Tuesday, April 28, 2009

C. S. Lewis' Journey to Joy

C.S. Lewis spent much of his early adult years as an unbeliever.  He longed for joy in his life, and found moments of it through reading and writing stories and myths.

Late on the night of September 19, 1931, Lewis was in the midst of a discussion with several fellow intellectuals.  One of them was J. R. R. Tolkien, the author of The Lord of the Rings and a believer.  One of them asked Lewis, "Why are you mysteriously moved by the notion of sacrifice when you read it in pagan stories, but not also moved when you read of it in the story of Jesus?"  Lewis would write that on that night "the penny dropped" -- and he began to ask himself if maybe the story of Jesus was the joy he was chasing.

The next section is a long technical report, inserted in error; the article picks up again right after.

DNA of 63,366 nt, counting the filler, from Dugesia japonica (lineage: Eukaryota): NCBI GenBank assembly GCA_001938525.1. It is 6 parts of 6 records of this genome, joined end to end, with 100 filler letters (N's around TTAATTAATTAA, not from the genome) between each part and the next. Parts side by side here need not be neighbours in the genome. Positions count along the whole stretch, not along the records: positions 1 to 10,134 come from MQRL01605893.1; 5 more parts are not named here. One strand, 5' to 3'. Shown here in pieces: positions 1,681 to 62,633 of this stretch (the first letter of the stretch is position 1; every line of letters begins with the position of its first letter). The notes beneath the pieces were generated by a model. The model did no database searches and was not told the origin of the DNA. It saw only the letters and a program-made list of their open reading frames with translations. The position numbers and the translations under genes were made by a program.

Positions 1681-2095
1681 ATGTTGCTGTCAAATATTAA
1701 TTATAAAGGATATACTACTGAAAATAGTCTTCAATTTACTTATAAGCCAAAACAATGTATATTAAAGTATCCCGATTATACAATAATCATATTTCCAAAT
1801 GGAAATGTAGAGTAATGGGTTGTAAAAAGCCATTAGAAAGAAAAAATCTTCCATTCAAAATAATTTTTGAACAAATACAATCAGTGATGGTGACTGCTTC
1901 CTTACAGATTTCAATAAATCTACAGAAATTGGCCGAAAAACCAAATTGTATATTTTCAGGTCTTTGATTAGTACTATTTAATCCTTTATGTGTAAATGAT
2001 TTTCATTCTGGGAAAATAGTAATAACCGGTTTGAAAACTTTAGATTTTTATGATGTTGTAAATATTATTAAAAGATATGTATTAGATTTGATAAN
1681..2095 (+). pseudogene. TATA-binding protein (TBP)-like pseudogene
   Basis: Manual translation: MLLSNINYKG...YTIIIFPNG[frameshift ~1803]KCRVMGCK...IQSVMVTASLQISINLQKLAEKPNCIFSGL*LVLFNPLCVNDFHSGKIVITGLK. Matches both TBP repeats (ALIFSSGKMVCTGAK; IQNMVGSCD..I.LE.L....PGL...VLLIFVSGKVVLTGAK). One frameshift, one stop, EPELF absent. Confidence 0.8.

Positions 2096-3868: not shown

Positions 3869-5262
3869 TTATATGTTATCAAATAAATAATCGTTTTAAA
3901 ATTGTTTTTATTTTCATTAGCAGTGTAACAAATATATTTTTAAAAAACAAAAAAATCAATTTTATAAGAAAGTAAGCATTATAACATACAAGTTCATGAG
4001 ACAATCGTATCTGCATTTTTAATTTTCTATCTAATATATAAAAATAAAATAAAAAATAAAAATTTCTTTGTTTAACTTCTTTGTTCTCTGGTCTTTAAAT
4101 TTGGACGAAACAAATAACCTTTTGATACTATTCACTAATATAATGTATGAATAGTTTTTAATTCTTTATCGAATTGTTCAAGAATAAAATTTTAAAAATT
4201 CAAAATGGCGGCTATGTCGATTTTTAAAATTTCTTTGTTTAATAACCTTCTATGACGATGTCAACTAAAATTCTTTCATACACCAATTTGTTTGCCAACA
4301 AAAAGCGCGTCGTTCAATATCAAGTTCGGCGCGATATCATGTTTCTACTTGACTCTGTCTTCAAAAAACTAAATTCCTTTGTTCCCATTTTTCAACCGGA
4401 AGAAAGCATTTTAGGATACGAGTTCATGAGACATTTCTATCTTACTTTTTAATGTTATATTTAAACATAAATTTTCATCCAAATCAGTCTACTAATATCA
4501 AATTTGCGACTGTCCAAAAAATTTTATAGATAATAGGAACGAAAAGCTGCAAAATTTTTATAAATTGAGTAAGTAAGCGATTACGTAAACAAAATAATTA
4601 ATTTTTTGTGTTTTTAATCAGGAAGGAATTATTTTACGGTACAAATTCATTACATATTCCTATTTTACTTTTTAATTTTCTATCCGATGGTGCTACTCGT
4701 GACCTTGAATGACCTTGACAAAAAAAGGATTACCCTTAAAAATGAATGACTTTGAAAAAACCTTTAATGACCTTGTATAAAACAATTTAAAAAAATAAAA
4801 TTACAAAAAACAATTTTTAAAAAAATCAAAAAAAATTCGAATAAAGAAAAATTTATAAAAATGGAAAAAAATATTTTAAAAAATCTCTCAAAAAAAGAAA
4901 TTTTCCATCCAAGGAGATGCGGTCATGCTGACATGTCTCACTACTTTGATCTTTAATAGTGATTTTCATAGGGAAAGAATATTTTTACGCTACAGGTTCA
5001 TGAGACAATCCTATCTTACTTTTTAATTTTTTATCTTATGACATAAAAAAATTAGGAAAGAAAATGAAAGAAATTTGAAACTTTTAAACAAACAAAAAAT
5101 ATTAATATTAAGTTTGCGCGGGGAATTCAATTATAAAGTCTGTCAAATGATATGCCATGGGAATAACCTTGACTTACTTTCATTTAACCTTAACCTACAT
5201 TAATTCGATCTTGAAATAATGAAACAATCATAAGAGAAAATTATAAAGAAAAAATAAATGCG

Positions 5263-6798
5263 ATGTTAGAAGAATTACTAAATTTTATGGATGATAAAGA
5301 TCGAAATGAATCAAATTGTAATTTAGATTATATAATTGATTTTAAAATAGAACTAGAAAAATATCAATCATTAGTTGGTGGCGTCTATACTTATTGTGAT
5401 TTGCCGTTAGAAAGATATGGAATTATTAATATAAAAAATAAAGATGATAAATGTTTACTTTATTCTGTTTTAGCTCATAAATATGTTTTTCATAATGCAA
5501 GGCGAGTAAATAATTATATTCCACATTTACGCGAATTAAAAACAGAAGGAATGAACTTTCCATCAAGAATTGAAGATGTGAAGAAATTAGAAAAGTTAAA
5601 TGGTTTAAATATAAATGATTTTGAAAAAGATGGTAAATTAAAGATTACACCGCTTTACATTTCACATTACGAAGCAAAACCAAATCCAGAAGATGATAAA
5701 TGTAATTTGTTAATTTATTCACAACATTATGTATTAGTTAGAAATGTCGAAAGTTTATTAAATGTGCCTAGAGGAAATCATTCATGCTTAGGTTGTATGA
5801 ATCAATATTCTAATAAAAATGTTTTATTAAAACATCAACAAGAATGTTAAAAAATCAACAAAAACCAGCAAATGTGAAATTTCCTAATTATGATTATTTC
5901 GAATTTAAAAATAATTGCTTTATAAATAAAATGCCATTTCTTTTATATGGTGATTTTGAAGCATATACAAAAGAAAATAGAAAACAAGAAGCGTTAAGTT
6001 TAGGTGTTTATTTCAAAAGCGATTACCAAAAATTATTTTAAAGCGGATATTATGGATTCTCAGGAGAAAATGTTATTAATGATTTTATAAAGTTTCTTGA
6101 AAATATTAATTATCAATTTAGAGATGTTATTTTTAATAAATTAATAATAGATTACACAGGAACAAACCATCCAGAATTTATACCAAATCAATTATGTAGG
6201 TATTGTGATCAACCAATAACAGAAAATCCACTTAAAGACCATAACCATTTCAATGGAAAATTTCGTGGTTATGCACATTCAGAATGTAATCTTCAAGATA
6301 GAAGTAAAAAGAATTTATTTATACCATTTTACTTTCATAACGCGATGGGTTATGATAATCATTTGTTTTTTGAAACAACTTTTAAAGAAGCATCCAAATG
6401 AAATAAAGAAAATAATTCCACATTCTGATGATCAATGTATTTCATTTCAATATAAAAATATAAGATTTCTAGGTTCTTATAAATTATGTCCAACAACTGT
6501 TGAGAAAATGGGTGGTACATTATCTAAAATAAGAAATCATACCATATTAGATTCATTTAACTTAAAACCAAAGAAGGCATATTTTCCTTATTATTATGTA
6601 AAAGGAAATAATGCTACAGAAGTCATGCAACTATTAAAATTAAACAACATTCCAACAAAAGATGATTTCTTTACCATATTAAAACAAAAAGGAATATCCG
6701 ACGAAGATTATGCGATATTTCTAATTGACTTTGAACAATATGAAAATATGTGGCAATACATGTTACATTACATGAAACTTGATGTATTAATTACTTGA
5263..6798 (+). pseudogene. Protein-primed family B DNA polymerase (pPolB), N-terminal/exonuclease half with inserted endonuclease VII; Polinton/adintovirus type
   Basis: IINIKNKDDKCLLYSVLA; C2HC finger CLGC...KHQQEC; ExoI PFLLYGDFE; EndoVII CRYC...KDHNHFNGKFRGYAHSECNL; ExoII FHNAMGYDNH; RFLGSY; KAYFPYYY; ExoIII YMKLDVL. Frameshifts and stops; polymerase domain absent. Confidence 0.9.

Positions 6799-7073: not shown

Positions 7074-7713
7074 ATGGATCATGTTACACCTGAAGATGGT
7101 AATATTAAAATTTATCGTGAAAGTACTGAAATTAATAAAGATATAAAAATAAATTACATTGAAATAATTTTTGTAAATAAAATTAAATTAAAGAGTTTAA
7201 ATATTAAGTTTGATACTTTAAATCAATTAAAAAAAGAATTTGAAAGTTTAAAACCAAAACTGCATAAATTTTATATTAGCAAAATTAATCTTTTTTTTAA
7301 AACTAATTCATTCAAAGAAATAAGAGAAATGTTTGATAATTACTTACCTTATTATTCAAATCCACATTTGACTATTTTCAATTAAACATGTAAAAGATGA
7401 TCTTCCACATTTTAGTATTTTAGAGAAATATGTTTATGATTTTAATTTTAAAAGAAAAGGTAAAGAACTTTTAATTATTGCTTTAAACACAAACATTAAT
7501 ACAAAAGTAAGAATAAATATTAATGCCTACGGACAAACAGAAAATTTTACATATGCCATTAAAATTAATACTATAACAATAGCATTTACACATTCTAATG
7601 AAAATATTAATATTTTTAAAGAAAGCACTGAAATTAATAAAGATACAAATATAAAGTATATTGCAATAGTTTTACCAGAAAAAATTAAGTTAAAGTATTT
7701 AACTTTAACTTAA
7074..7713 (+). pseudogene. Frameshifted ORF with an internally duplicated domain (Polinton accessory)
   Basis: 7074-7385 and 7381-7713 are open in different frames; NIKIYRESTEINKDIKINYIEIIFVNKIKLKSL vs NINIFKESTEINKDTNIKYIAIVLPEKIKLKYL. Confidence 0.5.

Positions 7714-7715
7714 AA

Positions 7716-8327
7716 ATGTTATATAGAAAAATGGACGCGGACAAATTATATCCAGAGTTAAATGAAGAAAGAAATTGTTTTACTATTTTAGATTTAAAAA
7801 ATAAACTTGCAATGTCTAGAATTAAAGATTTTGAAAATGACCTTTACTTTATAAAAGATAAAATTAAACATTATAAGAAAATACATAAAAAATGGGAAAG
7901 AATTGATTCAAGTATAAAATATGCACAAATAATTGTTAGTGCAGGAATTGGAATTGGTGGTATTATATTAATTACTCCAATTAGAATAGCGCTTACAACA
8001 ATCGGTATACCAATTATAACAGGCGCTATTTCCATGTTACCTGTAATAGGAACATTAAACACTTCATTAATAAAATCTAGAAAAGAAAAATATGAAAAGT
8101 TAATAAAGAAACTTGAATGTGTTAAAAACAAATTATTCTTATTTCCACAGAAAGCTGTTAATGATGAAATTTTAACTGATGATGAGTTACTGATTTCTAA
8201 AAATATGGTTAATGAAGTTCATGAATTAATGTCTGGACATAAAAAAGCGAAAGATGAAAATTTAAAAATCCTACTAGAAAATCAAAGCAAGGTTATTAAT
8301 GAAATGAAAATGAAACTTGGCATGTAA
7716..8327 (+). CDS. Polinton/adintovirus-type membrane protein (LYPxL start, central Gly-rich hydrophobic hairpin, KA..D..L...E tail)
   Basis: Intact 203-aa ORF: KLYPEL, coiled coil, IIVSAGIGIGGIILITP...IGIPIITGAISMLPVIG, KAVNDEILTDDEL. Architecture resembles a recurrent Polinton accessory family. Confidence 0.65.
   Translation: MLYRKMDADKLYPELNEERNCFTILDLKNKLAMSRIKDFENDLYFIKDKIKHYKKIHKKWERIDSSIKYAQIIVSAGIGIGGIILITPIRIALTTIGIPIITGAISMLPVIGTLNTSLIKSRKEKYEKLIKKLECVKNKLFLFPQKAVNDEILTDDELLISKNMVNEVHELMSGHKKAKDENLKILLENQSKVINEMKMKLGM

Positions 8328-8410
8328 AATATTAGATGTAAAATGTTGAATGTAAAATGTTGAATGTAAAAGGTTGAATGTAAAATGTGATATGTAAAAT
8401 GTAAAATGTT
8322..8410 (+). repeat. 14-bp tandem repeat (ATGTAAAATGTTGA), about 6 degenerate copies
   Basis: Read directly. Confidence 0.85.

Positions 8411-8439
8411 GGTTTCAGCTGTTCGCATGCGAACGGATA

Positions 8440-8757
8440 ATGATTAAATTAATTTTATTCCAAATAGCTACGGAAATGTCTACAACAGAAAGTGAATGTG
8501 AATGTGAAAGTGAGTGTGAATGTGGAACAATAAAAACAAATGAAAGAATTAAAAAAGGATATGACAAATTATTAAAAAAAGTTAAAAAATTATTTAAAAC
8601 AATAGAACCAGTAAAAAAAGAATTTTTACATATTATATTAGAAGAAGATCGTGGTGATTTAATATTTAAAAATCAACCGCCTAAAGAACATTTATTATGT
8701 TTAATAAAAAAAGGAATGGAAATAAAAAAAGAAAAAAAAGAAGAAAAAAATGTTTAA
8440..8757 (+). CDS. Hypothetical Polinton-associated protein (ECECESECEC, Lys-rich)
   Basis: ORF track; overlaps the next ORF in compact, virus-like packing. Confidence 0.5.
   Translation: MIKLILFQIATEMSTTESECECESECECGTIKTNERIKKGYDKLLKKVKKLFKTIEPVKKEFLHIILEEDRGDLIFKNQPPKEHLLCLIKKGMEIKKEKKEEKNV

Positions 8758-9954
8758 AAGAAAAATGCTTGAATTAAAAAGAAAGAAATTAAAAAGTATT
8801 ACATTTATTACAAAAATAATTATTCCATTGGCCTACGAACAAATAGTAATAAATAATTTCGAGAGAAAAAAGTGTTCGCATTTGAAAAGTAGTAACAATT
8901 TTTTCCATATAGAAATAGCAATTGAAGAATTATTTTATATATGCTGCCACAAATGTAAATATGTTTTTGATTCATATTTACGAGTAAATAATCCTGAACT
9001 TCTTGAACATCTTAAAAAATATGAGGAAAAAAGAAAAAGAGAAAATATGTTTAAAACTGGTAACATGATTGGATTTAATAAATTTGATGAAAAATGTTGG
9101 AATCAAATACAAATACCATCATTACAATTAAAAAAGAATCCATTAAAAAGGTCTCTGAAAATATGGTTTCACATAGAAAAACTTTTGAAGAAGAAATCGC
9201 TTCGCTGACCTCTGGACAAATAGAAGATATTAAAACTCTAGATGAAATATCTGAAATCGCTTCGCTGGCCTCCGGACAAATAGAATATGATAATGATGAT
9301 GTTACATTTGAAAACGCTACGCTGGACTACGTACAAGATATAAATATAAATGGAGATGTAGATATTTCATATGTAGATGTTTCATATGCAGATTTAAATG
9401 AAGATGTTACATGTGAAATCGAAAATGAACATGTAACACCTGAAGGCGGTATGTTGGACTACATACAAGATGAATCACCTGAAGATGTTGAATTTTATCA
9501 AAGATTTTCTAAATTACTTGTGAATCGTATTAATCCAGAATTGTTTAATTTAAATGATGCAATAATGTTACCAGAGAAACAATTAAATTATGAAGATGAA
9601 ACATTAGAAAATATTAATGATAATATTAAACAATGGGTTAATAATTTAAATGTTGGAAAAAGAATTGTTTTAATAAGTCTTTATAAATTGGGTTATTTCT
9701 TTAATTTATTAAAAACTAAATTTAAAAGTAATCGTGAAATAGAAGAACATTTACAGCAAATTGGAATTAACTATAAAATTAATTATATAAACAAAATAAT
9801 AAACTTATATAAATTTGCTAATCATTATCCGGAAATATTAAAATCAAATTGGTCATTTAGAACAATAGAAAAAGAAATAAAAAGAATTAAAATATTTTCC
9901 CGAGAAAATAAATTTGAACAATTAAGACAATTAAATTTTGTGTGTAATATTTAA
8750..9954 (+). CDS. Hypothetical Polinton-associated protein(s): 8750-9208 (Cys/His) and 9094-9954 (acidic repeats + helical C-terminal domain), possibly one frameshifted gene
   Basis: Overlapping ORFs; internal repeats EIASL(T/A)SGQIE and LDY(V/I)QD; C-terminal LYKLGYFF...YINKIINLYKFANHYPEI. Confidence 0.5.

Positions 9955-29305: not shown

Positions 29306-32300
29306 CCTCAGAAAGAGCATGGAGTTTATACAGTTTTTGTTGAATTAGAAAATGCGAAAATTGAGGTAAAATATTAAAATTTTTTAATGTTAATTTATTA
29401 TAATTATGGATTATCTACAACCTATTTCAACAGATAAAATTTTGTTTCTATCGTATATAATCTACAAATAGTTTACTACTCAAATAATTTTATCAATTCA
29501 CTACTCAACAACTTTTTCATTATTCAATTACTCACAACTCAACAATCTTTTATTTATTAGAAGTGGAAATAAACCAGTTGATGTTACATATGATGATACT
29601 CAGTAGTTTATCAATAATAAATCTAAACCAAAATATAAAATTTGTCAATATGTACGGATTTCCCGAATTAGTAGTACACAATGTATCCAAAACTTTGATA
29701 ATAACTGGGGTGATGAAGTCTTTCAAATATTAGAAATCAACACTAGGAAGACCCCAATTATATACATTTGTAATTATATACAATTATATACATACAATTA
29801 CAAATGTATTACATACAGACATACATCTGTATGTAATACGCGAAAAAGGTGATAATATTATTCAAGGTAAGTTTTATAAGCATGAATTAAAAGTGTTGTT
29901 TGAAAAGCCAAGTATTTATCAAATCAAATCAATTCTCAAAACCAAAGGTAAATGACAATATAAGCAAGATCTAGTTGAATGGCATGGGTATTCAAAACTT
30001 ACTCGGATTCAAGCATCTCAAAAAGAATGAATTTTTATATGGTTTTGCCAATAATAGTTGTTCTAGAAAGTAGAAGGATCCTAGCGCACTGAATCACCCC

He would say that he could trace back to that night as the point in which he found his "Joy."  He discovered that it was not joy that he was yearning for, after all.  It was the Person to whom this joy was pointing.  He explained his quest:  "But what, in conclusion, of Joy?    . . . To tell you the truth, the subject has lost nearly all interest for me since I became a Christian."  

He concluded with this:  "Joy is a person, and his name is Jesus."   


1 comment:

Josh Ross said...

That is awesome!